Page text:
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5.24 2 Samuel -- the Davidic Covenant

God was pleased with David's worship, and his intention to honor the Lord.  So Nathan told him that, instead of David building a house for God, God would build David's house!  He would make David's name great, raise up his offspring after him, and establish his throne forever (2 Sam 7:16).  This was an unconditional covenant, which would continue in force even if his successors disobeyed God.  

          "Your house and your kingdom will endure forever before me; your throne will be established forever" (2 Sam 7:16).

There is an interweaving of earthly and messianic fulfilments in this revelation: speaking of David's descendant, God said:

          "I will be his father, and he will be my son" (2 Sam 7:14).

           This sounds lilke a messianic prophecy, until we read the next sentence:

          "When he does wrong, I will punish him with the rod of men, with floggings inflicted by men.  But  my love will never be taken away from him, as I took it away from Saul" (2 Sam 7:14-15).

            This is much more applicable to Solomon than to Jesus!  Other provisions apply to Israel as a whole: a home of their own, without disturbance from enemy nations.


The making of this covenant between God and David represented a remarkable promotion in the status of the idea of monarchy itself.  We recall that God repudiated the entire concept of an earthly king at the beginning of 1 Sam, equating it with rebellion and rejection.  Saul did much to fulfill God's negative predictions.  But now God abandoned His own scheme of divinely-chosen, prophetically-appointed leaders, and initiated a royal dynasty, with David as the progenitor and ideal king!  This is undoubtedly the most extraordinary shift in the nature of God's action in post-Exodus history:  Moses himself had no natural succession, nor did Joshua.  Their descendants were anonymous and powerless. The closest we come to a royal lineage prior to David is the offspring of Aaron, who alone were qualified to serve as priests.


In the realms of political power, military leadership, or prophecy, there were no hereditary dynasties.  But this changed from David on.  His family was given a divine monopoly on political power in Israel.  And beyond that, God linked Himself in an as yet undefined way with David's heirs.  The divine ruler, the mysterious godking, would be of David's seed, and of David's type:  a shepherd king who will govern the flock of Israel, and lead them to abundant pasture.  Thus this chapter, 2 Sam 7, is of pivotal importance in redefining the nature of God's work in history and the  manner in which His ancient promises to Israel will be fulfilled.


Not only does this chapter alter the nature of God's dealings with Israel, it also changes the focus of the blessing of Abraham.  In the Pentateuch, we followed the course of God's covenant promises, and likened them to a candle flame that was passed from generation to generation.  In certain periods there was a custodian of the blessing of God, a man who received it, nurtured it, and passed it on.  This man represented the center, the focus, of God's activity in history:  Abraham,  Isaac, Jacob, Joseph, Moses, Joshua, and then the judges.   But alongside those men were others who were rejected or excluded from the covenant:  Lot, Ishmael, Esau. Now, with the establishment of the monarchy, the king became the custodian of God's Presence and His Promise.  This worked to his credit if he was a good king and faithful to God.  More often, however, the king was a faithless custodian of the Blessing, and this redounded to his shame and eventual judgment.  The reigns of Saul and David represent the two possibilities:  Saul was granted the gift of God's favor, but threw it away, much like Esau did.  David, on the other hand, became the custodian of the Promise in his generation.  And, even more than this, David recapitulated Abraham, and became the father of multitudes.  As nations will bless themselves through Abraham, so David's house shall be established forever, and the righteous king will spring from his seed.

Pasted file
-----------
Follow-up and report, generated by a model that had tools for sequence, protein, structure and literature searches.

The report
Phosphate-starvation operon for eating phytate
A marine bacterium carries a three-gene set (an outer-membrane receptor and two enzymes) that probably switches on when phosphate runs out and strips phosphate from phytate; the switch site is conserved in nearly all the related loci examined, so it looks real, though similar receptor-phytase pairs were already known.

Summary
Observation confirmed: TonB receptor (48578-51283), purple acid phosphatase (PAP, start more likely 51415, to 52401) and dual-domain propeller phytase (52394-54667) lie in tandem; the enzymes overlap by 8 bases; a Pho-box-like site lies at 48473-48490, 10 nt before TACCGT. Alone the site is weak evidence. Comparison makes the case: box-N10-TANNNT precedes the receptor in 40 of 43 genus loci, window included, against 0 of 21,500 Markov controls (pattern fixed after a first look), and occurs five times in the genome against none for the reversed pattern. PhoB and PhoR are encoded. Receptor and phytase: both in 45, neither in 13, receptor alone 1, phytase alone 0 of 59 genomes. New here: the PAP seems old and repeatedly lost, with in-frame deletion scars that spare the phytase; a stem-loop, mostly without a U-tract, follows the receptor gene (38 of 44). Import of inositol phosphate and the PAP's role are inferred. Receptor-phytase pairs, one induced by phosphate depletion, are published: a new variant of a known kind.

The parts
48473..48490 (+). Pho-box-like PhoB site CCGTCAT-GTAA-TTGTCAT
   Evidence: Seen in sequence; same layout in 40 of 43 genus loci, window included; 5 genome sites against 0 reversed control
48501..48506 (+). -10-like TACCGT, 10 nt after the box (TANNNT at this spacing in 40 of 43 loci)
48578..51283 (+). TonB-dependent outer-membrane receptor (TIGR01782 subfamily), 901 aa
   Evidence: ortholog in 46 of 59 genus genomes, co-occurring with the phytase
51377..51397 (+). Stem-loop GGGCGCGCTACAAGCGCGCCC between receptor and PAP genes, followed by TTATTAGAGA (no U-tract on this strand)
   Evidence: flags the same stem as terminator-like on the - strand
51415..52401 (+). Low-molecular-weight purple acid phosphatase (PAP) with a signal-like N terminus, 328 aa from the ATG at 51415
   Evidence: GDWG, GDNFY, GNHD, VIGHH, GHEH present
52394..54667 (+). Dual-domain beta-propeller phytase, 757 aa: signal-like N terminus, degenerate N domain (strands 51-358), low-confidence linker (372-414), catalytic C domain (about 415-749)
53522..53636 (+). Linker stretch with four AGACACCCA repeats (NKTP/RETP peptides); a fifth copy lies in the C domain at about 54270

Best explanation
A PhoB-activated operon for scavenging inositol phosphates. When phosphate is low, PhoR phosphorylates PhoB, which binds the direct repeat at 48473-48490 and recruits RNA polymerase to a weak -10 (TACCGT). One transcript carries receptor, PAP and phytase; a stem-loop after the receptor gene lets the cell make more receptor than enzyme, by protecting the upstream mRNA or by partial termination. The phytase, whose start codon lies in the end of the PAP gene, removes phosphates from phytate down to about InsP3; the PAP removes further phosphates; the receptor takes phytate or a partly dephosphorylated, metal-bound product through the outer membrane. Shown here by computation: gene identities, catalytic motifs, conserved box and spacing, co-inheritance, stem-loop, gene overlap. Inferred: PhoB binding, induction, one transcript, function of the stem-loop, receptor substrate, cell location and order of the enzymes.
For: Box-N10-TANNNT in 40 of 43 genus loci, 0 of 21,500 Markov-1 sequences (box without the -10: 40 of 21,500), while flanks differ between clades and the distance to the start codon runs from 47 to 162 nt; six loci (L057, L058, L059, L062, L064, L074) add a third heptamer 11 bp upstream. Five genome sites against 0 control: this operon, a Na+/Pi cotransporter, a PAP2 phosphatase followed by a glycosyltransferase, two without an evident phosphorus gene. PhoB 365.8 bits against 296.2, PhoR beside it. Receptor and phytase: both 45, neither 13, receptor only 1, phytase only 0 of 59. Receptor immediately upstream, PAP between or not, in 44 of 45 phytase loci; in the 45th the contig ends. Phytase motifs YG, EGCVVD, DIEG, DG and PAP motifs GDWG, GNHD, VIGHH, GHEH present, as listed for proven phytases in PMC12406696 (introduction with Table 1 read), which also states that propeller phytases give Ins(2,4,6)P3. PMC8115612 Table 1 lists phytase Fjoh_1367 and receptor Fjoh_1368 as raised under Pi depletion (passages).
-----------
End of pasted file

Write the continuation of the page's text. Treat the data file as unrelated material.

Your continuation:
From this point on, Israelite history becomes not so much the acts of God, but chronicles of the deeds of the kings.  God acts through the kings, or against the kings, and speaks to them sporadically through his prophets.  But the prophets do not wield the sword and do not occupy the throne, as was possible in the time of the judges.  Sacred history takes a back burner to political history.  And the historical orientation of the Israelites themselves begins to shift: there had always been a reactionary theme, a tendency to look backward to Moses and the Law, to identify progress with greater devotion to the old traditions.  This theme continues in the time after Solomon, yet a counter-expectation begins to co-exist with it: the expectation of a future perfection actualized by the son of David.  God will do what man cannot accomplish -- He will send the deliverer who will resolve the contradictions of life, both moral and political, by initiating a reign of peace and holiness, the Kingdom of God among men.

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